Sunday, October 18
We slept in late, finally needing some good rest after the long trip and a very full first day. Heading out around noonish, we wandered past the closed shops of Via Barberini and stopped in a little place for a panini “brunch”. Our eventual destination was Santa Maria Maggiore, but on the way there we got distracted by a couple other small churches and the imposing sight of Santa Maria degli Angeli e dei Martiri, which vespa had never seen before. This beautiful and imposing church is built in the ruins of the Baths of Diocletian, creating a fascinating mixture of Roman ruins outside and classical art inside. The church was an amazing mixture of religion and science as well, featuring an exhibit on Gallileo and also an amazing Meridian line, sunlight shining through a small hole in the upper wall. I’m amazed Dan Brown hasn’t worked this one into one of his books yet.
We discovered we were right near the National Museum of Rome at Palazzo Massimo, which proved well worth about a 2-hour visit, especially for the frescoes and mosaic artwork.
From there we finally made it to Santa Maria Maggiore, one of Rome’s other very large, very important churches. The lovely crypt was open and featured a supposed relic from the nativity. Who can say for sure whether it is or not? But one cannot help but feel the weight of importance attached to the relic, nevertheless.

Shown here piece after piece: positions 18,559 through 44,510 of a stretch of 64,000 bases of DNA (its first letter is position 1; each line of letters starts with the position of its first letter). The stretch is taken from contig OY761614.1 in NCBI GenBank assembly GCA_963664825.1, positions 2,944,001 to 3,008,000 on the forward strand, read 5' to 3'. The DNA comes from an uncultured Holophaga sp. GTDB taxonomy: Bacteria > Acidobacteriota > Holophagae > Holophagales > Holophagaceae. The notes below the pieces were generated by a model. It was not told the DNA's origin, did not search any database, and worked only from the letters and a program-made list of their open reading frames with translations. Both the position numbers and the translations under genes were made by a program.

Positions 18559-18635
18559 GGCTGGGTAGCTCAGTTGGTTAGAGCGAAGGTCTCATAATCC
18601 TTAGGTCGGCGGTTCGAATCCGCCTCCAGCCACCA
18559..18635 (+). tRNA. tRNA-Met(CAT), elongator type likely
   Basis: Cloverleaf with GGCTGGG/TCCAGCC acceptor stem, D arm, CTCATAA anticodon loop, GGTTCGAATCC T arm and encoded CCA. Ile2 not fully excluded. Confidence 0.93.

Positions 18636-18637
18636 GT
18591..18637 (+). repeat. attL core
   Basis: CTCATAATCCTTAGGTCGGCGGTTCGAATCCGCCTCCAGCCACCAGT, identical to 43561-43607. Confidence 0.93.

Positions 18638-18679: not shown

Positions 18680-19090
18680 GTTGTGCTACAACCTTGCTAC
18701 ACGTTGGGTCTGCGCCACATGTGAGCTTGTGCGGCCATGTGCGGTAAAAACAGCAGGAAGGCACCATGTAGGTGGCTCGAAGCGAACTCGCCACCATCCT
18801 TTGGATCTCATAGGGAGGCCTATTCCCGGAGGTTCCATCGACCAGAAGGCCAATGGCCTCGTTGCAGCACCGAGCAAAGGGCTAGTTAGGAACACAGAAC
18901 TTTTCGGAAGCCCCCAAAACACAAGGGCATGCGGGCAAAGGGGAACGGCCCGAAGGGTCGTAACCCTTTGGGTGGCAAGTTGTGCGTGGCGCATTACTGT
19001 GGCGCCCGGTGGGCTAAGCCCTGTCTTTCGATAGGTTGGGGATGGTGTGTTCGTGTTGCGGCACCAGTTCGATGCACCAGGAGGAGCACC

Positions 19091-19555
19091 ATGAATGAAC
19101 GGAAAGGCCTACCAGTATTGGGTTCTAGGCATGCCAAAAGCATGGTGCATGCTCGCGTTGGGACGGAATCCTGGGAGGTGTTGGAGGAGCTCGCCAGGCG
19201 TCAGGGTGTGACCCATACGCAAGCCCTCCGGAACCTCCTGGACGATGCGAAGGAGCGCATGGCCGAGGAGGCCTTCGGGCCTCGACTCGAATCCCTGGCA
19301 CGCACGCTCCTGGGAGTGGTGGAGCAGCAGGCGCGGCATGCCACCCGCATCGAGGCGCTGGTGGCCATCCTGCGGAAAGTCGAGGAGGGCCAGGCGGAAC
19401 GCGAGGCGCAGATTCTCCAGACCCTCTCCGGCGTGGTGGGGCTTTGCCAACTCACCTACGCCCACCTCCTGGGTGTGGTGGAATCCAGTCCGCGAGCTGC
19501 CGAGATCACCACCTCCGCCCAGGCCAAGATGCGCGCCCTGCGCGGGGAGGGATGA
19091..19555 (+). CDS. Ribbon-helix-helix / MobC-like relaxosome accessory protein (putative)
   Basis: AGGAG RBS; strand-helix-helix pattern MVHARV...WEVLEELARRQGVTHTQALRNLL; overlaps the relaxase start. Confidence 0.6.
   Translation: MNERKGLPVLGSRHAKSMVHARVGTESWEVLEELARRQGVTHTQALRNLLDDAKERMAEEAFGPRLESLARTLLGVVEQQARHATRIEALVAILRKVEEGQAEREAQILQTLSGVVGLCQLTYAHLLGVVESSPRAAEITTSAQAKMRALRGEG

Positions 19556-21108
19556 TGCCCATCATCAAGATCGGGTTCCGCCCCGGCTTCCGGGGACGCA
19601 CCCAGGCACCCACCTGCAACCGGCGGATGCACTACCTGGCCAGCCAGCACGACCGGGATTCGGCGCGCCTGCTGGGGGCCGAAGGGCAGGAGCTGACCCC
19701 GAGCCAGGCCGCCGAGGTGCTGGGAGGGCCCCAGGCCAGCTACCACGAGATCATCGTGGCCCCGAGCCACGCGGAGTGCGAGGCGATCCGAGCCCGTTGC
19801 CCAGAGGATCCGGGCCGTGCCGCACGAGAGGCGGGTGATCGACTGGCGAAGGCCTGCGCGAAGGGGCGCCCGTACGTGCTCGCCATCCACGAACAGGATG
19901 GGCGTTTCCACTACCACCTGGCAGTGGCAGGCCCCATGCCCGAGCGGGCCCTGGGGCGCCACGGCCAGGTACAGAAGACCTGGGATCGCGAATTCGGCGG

After wandering through the church, we took a quick pit stop for food-truck gelato (still damned good) and debated further plans. It was getting late and vespa didn’t want me to miss Saint Peter in Chains and Michelangelo’s sculpture of Moses. Of course, along the way we got distracted by a couple other small churches en route, including Santa Prassede, which had some gorgeous frescoes on the walls, and another alleged relic, The Column of the Flagellation.
We finally made it to Saint Peter in Chains in time to check out the magnificent sculpture, as well as pay respect to some more relics–this time the chains which give the church its name.
vespa knew I really was eager to see the Coliseum, and we managed to make it just as the sun was beginning to set–what an amazing time to be there! We walked around the periphery as dusk turned to night, marveling over the effect of darkness and artificial light on the building.
By then we were ready for some real food. I remembered seeing an enoteca that looked promising on a little side street off of the main Coliseum traffic on Via Frangipane – the name stuck out because of vespa’s prized painting by Nicolo Frangipane. It turned out to be a great choice as we enjoyed a quiet meal on the outdoor terrace: for starters, proscuitto and melon and a fritto misto of mixed cheeses, stuffed olives, and a risotto ball; pasta with clams, mushrooms and tomatoes for me and buccatini for vespa; then a shared order of veal scallopine in orange sauce. Fabulous! I wish I could remember their name now…maybe I’ll find reference to it somewhere, eventually…
For some dumb reason we walked all the way home after that — about a good mile and a half. Along the way we passed the Hard Rock Cafe on Via Veneto — god knows why you’d go to Rome to eat the same crappy food you can get anywhere else in the world, but I did like their stained-glass windows…